“I also see a parallel experience for people where they are really trying to discover more and be more and in some ways we can be victims of our own type casting,” he continues.
“In some ways we focus on that.
That seems to be just the obvious thing. We don’t in many cases get to the level of conversation that we really need to get to and that’s one of the things I’m trying to change here in West Hollywood and in queer
culture at large.”

How Sacher is trying to change not only the narrative but add texture and depth to his community is with an ambitious project called The Lavender Effect, a non-profit organization spearheading an LGBT history and cultural museum in Southern California. “I sold my house in the suburbs to build a non-profit and I’m working with some amazing advisors from the LGBT community who have similar values of not only creating a space that celebrates who we are as we evolve as a culture but also connecting the past with the future,” he explains of this project that is a labour of love fueled by sheer passion. “It’s so important that we embrace our history, that we can be proud of who we are, We’re a community that has done amazing things, and not just in the past 50 years, we’ve been doing amazing things as individuals for thousands of years. But I think our community is finally coming together and certainly is visible at this turning point in the United States, especially. So we want to celebrate that in a state-of-the-art, interactive, immersive museum-like experience. Something like the Holocaust Museum, only for queer culture.”

The Lavender Effect was born partly out of recent legislation by the California government called the Fair Education Act. The Act mandates that public schools in California teach about the contributions of LGBT people throughout history. “This is a paradigm shift in our educational system and we may have some opposition from some conservatives but when this is initiated,” explains Sacher, “it’s going to teach young people about those people in the history books who are not known for being queer. I think that instantly this communicates to young people whether they’re queer or not, that you have something to be proud of. Look at your queer ancestors, how much they’ve contributed to society.”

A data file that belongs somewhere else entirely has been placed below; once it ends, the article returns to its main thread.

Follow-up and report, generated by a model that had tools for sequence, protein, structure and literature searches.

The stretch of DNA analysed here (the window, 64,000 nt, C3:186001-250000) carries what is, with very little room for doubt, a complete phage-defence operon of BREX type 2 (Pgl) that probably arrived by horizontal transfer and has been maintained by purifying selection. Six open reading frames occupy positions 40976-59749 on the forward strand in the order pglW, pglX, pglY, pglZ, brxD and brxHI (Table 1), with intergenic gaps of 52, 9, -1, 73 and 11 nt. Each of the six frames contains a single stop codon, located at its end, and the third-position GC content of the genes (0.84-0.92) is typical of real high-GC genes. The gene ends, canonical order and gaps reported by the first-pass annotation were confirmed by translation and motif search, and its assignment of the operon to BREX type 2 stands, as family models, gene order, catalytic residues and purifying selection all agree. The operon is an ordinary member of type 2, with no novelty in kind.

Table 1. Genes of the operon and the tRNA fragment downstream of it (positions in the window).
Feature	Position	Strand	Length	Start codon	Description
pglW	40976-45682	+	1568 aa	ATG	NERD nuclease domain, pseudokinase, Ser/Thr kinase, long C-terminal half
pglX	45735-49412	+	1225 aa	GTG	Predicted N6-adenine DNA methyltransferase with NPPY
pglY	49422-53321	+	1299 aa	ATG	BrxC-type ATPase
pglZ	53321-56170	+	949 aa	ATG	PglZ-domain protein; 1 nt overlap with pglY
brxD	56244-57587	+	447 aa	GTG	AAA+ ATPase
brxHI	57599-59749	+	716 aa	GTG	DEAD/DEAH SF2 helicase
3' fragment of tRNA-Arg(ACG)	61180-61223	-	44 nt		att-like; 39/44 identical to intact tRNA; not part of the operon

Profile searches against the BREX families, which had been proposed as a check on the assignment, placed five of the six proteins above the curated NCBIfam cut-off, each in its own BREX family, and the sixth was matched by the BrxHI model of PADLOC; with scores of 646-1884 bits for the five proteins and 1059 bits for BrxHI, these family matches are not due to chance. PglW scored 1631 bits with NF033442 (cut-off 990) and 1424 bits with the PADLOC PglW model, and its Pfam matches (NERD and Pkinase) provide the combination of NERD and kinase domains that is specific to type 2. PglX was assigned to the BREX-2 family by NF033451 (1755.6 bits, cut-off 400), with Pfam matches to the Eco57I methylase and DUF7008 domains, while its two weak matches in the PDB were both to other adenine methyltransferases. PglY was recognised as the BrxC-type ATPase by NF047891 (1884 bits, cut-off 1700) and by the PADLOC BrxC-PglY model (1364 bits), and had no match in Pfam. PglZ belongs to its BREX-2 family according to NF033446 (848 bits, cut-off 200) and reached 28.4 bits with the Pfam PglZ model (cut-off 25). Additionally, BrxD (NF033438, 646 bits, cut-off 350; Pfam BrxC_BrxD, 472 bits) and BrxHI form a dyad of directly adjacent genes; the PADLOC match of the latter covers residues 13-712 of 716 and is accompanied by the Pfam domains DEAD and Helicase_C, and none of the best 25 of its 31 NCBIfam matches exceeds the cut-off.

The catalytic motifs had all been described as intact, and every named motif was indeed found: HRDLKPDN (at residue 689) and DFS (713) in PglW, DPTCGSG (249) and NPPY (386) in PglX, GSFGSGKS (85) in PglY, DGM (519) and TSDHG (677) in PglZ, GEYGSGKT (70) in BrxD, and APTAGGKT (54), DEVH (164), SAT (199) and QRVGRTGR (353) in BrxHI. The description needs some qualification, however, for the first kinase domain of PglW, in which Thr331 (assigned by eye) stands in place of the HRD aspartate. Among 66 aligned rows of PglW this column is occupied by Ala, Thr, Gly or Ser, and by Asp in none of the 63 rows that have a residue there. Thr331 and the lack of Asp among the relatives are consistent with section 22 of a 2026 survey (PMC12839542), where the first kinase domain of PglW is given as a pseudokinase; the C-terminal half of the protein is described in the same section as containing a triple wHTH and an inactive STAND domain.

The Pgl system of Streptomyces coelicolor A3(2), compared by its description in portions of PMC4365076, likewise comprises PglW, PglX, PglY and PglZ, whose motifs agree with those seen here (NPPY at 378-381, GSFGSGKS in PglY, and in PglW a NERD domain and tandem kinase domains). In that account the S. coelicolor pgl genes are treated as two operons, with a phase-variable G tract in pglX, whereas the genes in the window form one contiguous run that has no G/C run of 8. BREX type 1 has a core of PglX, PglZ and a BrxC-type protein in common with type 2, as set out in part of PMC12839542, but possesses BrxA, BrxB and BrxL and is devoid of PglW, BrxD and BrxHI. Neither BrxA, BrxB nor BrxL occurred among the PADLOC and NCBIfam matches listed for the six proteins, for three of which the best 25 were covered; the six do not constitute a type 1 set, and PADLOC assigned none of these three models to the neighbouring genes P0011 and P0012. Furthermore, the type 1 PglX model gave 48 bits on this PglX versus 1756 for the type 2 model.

“The Lavender Effect is a phenomenon just as much as a non-profit organization…our impact is amazing and it has a ripple effect throughout the world.”

Sacher’s vision for the Lavender Effect is a state-of-the art museum and cultural centre that is both bricks and mortar as well as online. Both entities will be immersive and interactive. “We want to focus on Southern California just because our regional story is really untold,” he explains of how the project will start. “Everything from Hollywood to the grassroots pioneers that no one knows about. Everybody knows about Harvey Milk and Stonewall, they don’t realize that a lot of the movement actually formed here in Southern California. People know Hollywood but they don’t know what an amazing influence Hollywood has had on our perception of queers, both good and bad.”

“The Lavender Effect is a phenomenon just as much as a non-profit organization,” Sacher continues. “Our impact [as queer people] is amazing and it has a ripple effect throughout the world. I think we want to connect certainly with other states, other countries, and other key cities that were integral players in our movement, our evolution, and our rights. I was just in Berlin doing some research and the oldest LGBT museum in the world is there and that was an eye-opening experience. Berlin was a very controversial city at one point. They’ve been telling our story for a long time so I want to make sure that we don’t look like adolescents boasting about our life experiences. We want to show the context of how Southern California fits into the larger picture. We’ve never thought of telling these stories in isolation, we’ll focus on the exciting attributes of this part of the world.”

Sacher has found—and is continuing to find—the power and freedom that comes with being in his 50s and discovering what fuels his passion for life and for his community. He is curious, activist and challenging precepts and the evolving ‘norm’ both inside and outside the queer community. Not unlike RuPaul, whom he admires and would love to work with. “He really is starting to send very important messages in the context of his wonderful expression and I can’t wait to get him involved with the museum project because he is an important representative of popular culture but on the edge,” Sacher says. “It’s empowerment and being yourself. Whether you want to wear a dress or not, is not the point, the point is to find your true self and that’s the spirit that I adore.”